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Landmark judgment sends signal to cosmetics industry on regulation of non-surgical products and treatments

Ruling considers responsibility of clinicians for the product and treatment information they give out

Posted on 16 May 2014

The Court of Appeal in Webster v Liddington [2014] EWCA Civ 560 has handed down a landmark ruling sending clear signals to the cosmetics industry about concerns over the regulation of non-surgical products and treatments.

The judgement considered the responsibilities of clinicians in relation to the product literature handed out to patients and consumers. It was held that the clinicians (in the absence of an expressed disclaimer) could be held responsible for the accuracy of the manufactures brochures' content.

The case concerned the administration of Isolagen, a pioneering cosmetic procedure which was marketed as a natural alternative to bovine collagen and botox.

The treatment concerned was marketed as a procedure that would remove wrinkles and rejuvenate the skin. The treatment process involved the removal of a skin sample by the clinician before it was sent to the company which devised and marketed Isolagen to cultivate. The sample was cultured in bovine products and a final product was created ready to be injected into the patient.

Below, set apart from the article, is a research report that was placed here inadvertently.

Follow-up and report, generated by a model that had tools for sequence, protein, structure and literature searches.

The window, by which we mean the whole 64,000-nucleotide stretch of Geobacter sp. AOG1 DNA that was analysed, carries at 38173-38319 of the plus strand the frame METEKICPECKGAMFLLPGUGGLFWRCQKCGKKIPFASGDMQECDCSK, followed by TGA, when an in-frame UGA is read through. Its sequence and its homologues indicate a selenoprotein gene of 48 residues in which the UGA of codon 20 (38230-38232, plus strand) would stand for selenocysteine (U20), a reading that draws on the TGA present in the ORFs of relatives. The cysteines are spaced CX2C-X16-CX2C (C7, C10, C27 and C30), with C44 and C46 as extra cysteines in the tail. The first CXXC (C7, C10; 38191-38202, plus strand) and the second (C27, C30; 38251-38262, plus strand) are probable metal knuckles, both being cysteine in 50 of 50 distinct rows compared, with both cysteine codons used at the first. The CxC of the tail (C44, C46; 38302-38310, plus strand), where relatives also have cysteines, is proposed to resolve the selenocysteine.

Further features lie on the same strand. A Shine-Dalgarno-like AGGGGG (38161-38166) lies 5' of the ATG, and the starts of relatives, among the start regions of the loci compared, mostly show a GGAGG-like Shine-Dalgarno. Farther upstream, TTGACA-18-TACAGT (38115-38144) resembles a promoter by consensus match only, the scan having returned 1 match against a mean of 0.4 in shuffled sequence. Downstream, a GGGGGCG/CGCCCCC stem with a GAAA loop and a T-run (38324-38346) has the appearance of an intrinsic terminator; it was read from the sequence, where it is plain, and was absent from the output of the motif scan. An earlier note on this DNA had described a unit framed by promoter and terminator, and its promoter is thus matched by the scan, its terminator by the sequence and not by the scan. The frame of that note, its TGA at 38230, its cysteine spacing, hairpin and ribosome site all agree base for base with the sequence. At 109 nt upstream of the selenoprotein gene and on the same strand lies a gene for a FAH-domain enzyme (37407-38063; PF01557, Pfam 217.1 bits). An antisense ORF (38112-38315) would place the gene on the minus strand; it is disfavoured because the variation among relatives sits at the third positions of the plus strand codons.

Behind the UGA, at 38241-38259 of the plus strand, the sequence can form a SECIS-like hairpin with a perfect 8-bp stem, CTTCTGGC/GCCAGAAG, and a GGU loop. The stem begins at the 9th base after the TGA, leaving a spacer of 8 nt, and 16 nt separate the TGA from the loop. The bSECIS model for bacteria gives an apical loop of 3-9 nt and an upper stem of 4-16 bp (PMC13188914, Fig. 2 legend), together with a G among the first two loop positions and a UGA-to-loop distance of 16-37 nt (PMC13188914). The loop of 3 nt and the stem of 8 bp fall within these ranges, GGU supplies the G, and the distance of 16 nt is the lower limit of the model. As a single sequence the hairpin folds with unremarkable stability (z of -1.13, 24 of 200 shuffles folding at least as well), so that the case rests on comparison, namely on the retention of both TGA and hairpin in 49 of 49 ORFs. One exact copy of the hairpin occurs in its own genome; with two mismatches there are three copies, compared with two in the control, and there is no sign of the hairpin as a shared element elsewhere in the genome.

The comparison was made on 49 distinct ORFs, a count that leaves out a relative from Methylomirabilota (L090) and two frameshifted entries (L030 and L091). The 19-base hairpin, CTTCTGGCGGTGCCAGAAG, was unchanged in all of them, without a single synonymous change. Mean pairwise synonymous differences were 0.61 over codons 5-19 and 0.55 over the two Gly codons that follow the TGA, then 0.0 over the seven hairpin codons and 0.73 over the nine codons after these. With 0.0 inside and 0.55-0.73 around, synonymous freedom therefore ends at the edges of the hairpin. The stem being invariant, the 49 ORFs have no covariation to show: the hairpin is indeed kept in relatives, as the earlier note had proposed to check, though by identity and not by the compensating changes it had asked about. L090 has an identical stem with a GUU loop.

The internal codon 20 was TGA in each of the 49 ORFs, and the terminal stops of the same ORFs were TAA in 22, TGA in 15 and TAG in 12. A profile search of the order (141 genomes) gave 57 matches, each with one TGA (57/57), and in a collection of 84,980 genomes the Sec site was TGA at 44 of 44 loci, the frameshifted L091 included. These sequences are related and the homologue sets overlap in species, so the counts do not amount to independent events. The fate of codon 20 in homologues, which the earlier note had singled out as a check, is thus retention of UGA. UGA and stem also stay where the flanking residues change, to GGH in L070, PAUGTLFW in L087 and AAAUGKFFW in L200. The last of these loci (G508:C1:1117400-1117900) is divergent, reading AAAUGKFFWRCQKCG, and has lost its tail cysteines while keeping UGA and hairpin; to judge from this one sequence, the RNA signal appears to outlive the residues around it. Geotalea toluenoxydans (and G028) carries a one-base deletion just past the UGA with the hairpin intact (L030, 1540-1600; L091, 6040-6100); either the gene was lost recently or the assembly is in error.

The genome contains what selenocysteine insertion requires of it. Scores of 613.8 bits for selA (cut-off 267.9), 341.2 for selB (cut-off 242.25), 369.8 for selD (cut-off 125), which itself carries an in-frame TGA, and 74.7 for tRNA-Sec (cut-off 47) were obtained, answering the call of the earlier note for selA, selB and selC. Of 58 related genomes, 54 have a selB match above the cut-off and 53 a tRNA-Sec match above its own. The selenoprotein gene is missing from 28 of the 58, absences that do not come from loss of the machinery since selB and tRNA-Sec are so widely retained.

The company produced their own brochures and so did the clinicians, based on the information provided by the company. The procedure was allegedly marketed as containing the patient’s own skin cells. However, subsequent testing confirmed that it contained foreign body cells including traces of blood from cow foetuses/bovine products.

It is understood that a product liability action was not pursued as the company manufacturing and supplying the product had gone into administration.  The issue of misrepresentation was considered and the Court of Appeal held that the clinicians had failed to inform patients about the presence of bovine material in the injections which could cause allergic reactions.

Product liability lawyer Meera Lachani says:

“Webster v Liddington highlights the adverse consequences that consumers often suffer when products are placed on the market that are not adequately tested and appropriately labelled and the need for tighter regulation of the cosmetic industry”

If you have been injured after using a cosmetic product we advise you to immediately seek medical attention, providing your healthcare consultant with details of any such products that you feel could have caused you harm. It is important that you bring this to their attention to enable them to consider the appropriate remedies for you.

The product liability team at Leigh Day is ranked 1 in The Legal 500 and is described as “outstanding in the field of product liability’.  If you are considering a claim and would like to speak to a member of the team about bringing a claim related to a cosmetic product please feel free to contact us 020 7650 1200 for a free and confidential consultation. If you prefer please fill in our enquiry form and a member of our team will get back to you shortly.